Multiple batches of the semiconductor nanocrystals of the same color are mixed together prior to making the acrylic preparation.

Samples that include multiple layers in order to achieve the desired thickness undergo a cure step between the formation of the separate layers. Samples including one or more filters on top of (or below) the layers including host material and nanoparticles have the filters coated by Mayer rod in one or more separate step.

Filters are made by blending UV-curable pigment ink formulations from Coates/Sun Chemical. (Examples include, but are not limited to, DXT-1935 and WIN99.) A filter composition is formulated by adding the weighted absorbances of the individual colors together to achieve the desired transmission characteristics.

TABLE 1
Film
Color/Sample # Film
(Nanocrystal Emission EQE
Prep. Example #) Solvent Ligand(s) (nm) FWHM (%)
Red/Sample #1 Chloroform BHT 631 36 29.0
(without TiO2)
(Ex. 1)
Red/Sample #2 Chloroform BHT 633 36 50.0
(with TiO2)
(Ex. 1)

Film Characterization:

The films are characterized in the following ways:

    • Thickness: measured by a micrometer
    • Emission measurement measured on sample 1 of each type, on Cary Eclipse. Excitation at 450 nm, 2.5 nm excitation slit, 5 nm emission slit.
    • Absorption measured at 450 nm on sample 1 of each type, on Cary 5000. Baseline corrected to blank glass slide.
    • CIE coordinates measured on sample 1 of each type using CS-200 Chroma Meter. Sample excited with 450 nm LED, and camera collected color data off axis.
    • The external photoluminescent (PL) quantum efficiency is measured using the method developed by Mello et al. (cited below). The method uses a collimated 450 nm LED source, an integrating sphere and a spectrometer. Three measurements are taken. First, the LED directly illuminates the integrating sphere giving the spectrum labeled L1 in FIG. 4. Next, the PL sample is placed into the integrating sphere so that only diffuse LED light illuminates the sample giving the (L2+P2) spectrum depicted in FIG. 4. Finally, the PL sample is placed into the integrating sphere so that the LED directly illuminates the sample (just off normal incidence) giving the (L3+P3) spectrum depicted in FIG. 4. After collecting the data, each spectral contribution (L's and P's) is computed. L1, L2 and L3 correspond to the sums of the LED spectra for each measurement and P2 and P3 are the sums associated with the PL spectra for 2nd and 3rd measurements. The following equation then gives the external PL quantum efficiency:
      EQE=[(P3·L2)minus(P2·L3)]/(L1·(L2 minus L3))

For additional information concerning EQE measurements, see Mello et al., Advanced Materials 9(3):230 (1997), which is hereby incorporated by reference.

Example 2A Preparation of Semiconductor Nanocrystals Capable of Emitting Red Light with 3,5-di-tert-butyl-4-hydroxybenzylphosphonic acid

Synthesis of CdSe Cores:

1 mmol cadmium acetate is dissolved in 8.96 mmol of tri-n-octylphosphine at 100° C. in a 20 mL vial and is then dried and degassed for one hour. 15.5 mmol of trioctylphosphine oxide and 2 mmol of octadecylphosphonic acid are added to a 3-neck flask and dried and degassed at 140° C. for one hour. After degassing, the Cd solution is added to the oxide/acid flask and the mixture is heated to 270° C. under nitrogen. Once the temperature reaches 270° C., 8 mmol of tri-n-butylphosphine is injected into the flask. The temperature is brought back to 270° C. where 1.1 mL of 1.5 M TBP-Se is then rapidly injected. The reaction mixture is heated at 270° C. for 15-30 minutes while aliquots of the solution are removed periodically in order to monitor the growth of the nanocrystals. Once the first absorption peak of the nanocrystals reaches 565-575 nm, the reaction is stopped by cooling the mixture to room temperature. The CdSe cores are precipitated out of the growth solution inside a nitrogen atmosphere glovebox by adding a 3:1 mixture of methanol and isopropanol. The cores are isolated and then dissolved in hexane for use in making core-shell materials.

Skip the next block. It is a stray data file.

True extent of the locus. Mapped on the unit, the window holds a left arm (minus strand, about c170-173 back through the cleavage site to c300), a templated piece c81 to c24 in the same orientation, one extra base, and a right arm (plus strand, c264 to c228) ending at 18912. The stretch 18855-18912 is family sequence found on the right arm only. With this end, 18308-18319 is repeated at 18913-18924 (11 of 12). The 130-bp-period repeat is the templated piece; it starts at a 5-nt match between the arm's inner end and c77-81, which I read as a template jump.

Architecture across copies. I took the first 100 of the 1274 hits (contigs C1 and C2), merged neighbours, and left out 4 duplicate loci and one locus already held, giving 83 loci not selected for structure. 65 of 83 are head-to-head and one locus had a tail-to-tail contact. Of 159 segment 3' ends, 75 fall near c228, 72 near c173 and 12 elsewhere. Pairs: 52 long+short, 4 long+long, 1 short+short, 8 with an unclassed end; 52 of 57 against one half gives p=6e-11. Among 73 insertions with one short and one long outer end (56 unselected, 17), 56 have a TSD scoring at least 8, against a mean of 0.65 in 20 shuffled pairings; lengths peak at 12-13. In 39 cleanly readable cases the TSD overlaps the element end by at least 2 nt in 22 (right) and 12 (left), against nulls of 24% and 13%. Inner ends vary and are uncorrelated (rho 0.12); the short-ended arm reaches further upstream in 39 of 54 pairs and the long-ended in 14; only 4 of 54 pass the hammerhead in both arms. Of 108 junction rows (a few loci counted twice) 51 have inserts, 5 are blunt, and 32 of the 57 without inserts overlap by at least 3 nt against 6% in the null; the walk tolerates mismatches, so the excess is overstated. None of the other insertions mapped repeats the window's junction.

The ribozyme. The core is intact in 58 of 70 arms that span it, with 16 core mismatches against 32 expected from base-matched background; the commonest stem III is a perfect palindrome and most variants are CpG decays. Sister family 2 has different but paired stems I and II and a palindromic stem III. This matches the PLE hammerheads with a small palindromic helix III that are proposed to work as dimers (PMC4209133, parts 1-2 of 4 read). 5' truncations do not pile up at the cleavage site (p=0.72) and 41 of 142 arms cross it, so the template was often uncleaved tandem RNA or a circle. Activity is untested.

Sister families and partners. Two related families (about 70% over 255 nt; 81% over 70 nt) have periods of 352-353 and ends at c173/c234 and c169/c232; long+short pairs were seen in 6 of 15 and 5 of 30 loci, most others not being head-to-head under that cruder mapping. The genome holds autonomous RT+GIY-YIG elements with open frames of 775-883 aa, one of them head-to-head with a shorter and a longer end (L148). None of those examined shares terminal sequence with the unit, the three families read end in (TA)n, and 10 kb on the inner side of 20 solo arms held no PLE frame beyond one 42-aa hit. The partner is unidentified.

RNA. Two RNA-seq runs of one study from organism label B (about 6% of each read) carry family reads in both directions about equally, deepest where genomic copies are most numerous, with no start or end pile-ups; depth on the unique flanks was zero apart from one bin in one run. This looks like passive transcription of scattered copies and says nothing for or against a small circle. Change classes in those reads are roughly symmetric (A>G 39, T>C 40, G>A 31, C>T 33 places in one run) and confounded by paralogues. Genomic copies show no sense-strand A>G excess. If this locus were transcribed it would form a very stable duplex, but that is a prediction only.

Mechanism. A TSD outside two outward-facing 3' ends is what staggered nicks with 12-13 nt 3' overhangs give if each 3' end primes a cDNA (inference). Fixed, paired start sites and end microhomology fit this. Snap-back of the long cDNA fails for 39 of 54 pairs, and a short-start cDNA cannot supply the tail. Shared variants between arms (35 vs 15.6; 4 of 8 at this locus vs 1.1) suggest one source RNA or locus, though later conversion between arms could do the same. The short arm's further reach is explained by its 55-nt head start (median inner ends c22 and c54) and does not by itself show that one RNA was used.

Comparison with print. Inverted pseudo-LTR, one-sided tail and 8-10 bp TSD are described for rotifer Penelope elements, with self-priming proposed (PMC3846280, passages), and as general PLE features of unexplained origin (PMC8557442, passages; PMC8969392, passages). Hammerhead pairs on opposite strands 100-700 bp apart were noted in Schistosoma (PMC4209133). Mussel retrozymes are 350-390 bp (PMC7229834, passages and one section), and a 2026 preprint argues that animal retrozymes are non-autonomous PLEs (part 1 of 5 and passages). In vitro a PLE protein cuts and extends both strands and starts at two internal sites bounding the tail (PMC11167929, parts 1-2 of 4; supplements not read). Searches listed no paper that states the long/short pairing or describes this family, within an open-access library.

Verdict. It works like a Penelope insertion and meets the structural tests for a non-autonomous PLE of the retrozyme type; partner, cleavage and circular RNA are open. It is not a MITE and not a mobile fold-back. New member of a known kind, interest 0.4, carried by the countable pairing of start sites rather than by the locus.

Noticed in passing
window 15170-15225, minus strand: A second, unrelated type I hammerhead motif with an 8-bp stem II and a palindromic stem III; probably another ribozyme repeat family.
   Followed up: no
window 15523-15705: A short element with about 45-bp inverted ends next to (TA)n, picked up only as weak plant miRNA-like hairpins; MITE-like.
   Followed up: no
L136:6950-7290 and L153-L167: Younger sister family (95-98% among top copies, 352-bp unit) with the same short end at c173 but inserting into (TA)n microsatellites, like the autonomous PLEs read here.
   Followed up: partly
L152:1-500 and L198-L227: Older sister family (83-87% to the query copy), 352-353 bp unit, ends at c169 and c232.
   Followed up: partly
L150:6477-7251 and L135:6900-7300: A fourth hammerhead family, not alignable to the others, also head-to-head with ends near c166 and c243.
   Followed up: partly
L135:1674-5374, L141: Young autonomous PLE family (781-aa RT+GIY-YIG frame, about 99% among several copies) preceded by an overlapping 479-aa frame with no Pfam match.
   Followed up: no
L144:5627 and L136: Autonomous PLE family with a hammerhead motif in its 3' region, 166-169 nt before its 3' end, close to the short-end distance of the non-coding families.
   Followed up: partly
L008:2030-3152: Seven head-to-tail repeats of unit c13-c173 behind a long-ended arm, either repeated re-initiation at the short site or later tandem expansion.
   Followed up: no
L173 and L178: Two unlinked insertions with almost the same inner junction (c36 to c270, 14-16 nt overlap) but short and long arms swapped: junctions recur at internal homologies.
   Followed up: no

Preparation of 3,5-Di-tert-butyl-4-hydroxybenzylphosphonic acid

3,5-Di-tert-butyl-4-hydroxybenzylphosphonic acid is obtained from PCI Synthesis, 9 Opportunity Way, Newburyport, Mass. 01950 and is prepared generally as described in Example 1A above.

Synthesis of CdSe/CdZnS Core-Shell Nanocrystals:

25.86 mmol of trioctylphosphine oxide and 2.4 mmol of 3,5-di-tert-butyl-4-hydroxybenzylphosphonic acid are loaded into a four-neck flask. The mixture is then dried and degassed in the reaction vessel by heating to 120° C. for about an hour. The flask is then cooled to 75° C. and the hexane solution containing isolated CdSe cores (0.1 mmol Cd content) is added to the reaction mixture. The hexane is removed under reduced pressure. Dimethyl cadmium, diethyl zinc, and hexamethyldisilathiane are used as the Cd, Zn, and S precursors, respectively. The Cd and Zn are mixed in equimolar ratios while the S is in two-fold excess relative to the Cd and Zn. The Cd/Zn and S samples are each dissolved in 4 mL of trioctylphosphine inside a nitrogen atmosphere glove box. Once the precursor solutions are prepared, the reaction flask is heated to 155° C. under nitrogen. The precursor solutions are added dropwise over the course of 2 hours at 155° C. using a syringe pump. After the shell growth, the nanocrystals are transferred to a nitrogen atmosphere glovebox to be precipitated out of the growth solution by adding a 3:1 mixture of methanol and isopropanol. The core-shell nanocrystals are then isolated and dispersed in fluorobenzene and used to make an optical material.

(3,5-di-tert-butyl-4-hydroxybenzylphosphonic acid ligand group may also be referred to herein as BHT.)

Example 2B Preparation of Optical Component Including Semiconductor Nanocrystals

The film listed in the Table 2 below is prepared using optical material including semiconductor nanocrystals (prepared substantially in accordance with the synthesis described in Example 2A).